I want to express my condolences to his family, his colleagues, and the Atlanta area. I would also recommend that anyone who knew Cliff or knew of his work read this wonderful tribute at Tropics of Meta by his colleague Alex Sayf Cummings.

On the Chi-Raq Trailer (Updates)

So, this trailer’s out, and I have a few thoughts.

Spike Lee’s adaptation of Lysistrata as a statement on violence in Chicago’s Black communities seems provocative. And it’s certainly Lee’s prerogative as a filmmaker to explore questions of violence as a (partial) product of toxic (Black) masculinity, or of the relationship between Black men and women.

But based on the trailer, I wonder about a few things.

Is there a character representing a carpetbagging, belligerent Mayor from the North Shore by way of Washington, D.C. and Wall Street, whose wife refuses to sleep with him until he stops privatizing public resources, shoveling TIF funds from the general fund to special development interests, and closing neighborhood schools, forcing kids to cross gang territories daily? (note: Mayor Rahm Emanuel is mad about Chi-Raq, but allegedly because he fears an impact to tourism, not because of how he’s portrayed)

UPDATE: How’d I forget about the private equity multi-millionaire Governor (and oenophile buddy of the Mayor) who’s created a politically useful (but unnecessary) budget crisis in order to attack political enemies (unions) and made after-school programs collateral damage? Is he getting any in this movie?

Are there characters representing gun sellers in suburban counties and Indiana who experience sexual denial until they stop profiting from the sale of instruments of death that they know full well will end up on the streets of Chicago?

Are there police officers who are likewise denied until their department stops holding people in a secret interrogation facility without communication from family or access to lawyers? Even as the city pays out millions of dollars to reparations to victims of police torture from decades past?

Are there business executives held to account through celibacy for relocating or automating manufacturing jobs?

Are there characters including now-dead mayors, aldermen, and housing authority leaders going without their lovers’ affections in the afterlife to answer for their roles in creating the “second ghetto“?

Because if there aren’t, I question the film’s working theory of the causes of urban violence.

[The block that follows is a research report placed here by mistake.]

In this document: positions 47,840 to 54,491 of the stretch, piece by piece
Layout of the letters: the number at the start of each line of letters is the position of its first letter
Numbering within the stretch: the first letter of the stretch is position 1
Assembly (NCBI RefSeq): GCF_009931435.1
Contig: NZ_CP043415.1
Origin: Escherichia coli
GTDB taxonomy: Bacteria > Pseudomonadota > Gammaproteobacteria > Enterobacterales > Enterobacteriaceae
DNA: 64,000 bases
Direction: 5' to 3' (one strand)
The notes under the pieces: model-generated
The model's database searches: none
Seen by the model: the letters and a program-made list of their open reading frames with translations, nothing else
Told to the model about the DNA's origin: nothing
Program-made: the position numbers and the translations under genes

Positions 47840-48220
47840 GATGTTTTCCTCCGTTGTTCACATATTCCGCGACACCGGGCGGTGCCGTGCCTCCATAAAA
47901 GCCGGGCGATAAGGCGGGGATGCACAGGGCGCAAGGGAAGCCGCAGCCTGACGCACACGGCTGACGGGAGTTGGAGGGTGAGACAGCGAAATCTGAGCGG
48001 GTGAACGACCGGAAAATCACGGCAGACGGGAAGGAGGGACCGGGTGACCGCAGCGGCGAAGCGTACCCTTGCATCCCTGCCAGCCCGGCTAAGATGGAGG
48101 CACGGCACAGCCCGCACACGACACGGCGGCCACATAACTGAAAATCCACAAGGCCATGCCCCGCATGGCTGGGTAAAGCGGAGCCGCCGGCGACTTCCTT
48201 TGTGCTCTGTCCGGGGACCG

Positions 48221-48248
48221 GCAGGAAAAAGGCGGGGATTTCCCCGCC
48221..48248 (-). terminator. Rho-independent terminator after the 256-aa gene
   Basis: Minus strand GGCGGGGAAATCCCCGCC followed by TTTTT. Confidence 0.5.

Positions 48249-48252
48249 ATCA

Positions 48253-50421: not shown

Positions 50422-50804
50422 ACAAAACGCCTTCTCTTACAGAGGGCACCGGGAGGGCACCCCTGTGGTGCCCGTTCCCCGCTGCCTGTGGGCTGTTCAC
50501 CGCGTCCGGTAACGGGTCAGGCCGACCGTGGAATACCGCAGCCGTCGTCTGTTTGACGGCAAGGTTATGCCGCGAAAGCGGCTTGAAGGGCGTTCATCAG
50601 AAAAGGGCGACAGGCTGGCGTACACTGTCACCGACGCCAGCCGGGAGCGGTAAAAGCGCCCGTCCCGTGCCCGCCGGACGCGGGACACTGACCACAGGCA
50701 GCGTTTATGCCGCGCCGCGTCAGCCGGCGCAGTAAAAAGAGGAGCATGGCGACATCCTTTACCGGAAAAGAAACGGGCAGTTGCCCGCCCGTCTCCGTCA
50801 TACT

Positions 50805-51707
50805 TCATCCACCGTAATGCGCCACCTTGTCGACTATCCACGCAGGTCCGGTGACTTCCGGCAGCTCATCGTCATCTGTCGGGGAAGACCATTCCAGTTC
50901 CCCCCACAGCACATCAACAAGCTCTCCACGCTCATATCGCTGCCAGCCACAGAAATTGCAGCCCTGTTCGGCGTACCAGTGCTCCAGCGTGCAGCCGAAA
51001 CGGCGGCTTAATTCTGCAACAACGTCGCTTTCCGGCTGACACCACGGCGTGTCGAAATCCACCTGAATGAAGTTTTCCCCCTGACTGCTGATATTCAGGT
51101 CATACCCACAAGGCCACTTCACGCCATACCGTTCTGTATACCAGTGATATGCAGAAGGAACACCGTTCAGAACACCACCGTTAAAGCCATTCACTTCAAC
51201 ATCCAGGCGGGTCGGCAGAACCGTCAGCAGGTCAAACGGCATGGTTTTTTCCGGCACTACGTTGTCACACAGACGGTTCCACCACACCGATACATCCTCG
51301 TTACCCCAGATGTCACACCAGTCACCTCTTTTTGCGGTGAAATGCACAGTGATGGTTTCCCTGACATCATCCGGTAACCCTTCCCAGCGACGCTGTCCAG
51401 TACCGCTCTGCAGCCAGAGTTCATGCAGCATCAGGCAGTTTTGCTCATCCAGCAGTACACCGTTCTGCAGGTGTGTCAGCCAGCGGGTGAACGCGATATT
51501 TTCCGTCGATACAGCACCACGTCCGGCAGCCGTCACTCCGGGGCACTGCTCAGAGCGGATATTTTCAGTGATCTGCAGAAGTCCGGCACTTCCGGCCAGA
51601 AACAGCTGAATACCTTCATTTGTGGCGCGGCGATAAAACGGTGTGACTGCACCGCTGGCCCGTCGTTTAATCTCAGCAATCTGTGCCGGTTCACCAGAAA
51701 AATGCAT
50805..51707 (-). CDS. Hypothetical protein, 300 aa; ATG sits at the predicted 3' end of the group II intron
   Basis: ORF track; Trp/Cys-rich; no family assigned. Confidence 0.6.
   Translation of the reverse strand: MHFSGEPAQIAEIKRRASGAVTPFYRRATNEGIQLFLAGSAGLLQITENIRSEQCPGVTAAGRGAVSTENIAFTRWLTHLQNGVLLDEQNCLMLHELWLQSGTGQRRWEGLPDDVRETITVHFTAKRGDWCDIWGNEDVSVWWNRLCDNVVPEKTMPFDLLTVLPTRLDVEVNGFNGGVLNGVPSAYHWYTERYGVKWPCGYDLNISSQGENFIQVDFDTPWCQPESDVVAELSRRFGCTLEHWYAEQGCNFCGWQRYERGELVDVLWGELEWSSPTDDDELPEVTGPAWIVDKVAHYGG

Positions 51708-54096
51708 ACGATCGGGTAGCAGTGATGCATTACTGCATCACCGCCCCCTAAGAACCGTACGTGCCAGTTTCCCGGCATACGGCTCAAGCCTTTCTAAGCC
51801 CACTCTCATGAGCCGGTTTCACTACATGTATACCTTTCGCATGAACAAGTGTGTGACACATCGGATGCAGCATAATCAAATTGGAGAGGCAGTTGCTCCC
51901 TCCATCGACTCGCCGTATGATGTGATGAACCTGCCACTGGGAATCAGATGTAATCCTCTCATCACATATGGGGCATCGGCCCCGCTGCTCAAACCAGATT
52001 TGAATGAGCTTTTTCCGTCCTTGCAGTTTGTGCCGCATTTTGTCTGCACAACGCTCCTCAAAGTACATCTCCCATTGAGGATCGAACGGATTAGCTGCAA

And, really, while the female leadership of Lysistrata and the solidarity she creates among her sisters may seem an appealing image of women’s empowerment, the idea of women as a civilizing influence on the base instincts of men can cut in complicated ways, as Ida B. Wells argued in 1901. If the presumptive thesis of Chi-Raq is (and, pardon a reductionist reading of the trailer) that Black men’s predilection for violence can be overcome only by leveraging their stronger desire for sex, then that comes perilously close to blaming Black women for the alleged crimes of Black men (because they’ve failed in that disciplining capacity), and therefore justifying the actions of white men (in 1901, the lynch mob; in 2015 the police and the prison) in containing the threat. At risk of overthinking things about a film trailer, I’m reminded of Angela Davis’s critique (in Women, Race, and Class) of Susan Brownmiller’s insinuation (in Against Our Will) that Black women’s obligation is to oppose rape, even in terms that reinforce the subjugation of Black communities through images of dangerous and pathological Black male sexuality.

There are intersectional feminists much more qualified than I to parse this, so I’m not claiming any original or definitive insight. But it is a little concerning. Of course, a trailer is not a film, and Chi-Raq may have more up its sleeve; I’m willing to pay up to find out.

In the meantime, though, if we talk about withholding as a political strategy, we could talk about withholding other things:

Withholding labor in demand of living wages and control over working conditions-for people other than cops.

Withholding rent in demand of fair housing.

Withholding school attendance in demand of schools that serve communities.

UPDATE: thanks to the Twitter feed of historian Matt Delmont (@mattdelmont –whose synthetic history of school busing is on the must-read list), I’ve learned that there is a documentary in production about the 1963 Chicago School Boycott.

Withholding obedience to civil authority if these don’t work.

And, if you want to see something about Black men and women resisting violence in Chicago, it might be worth your while to (re)watch The Interrupters (full version):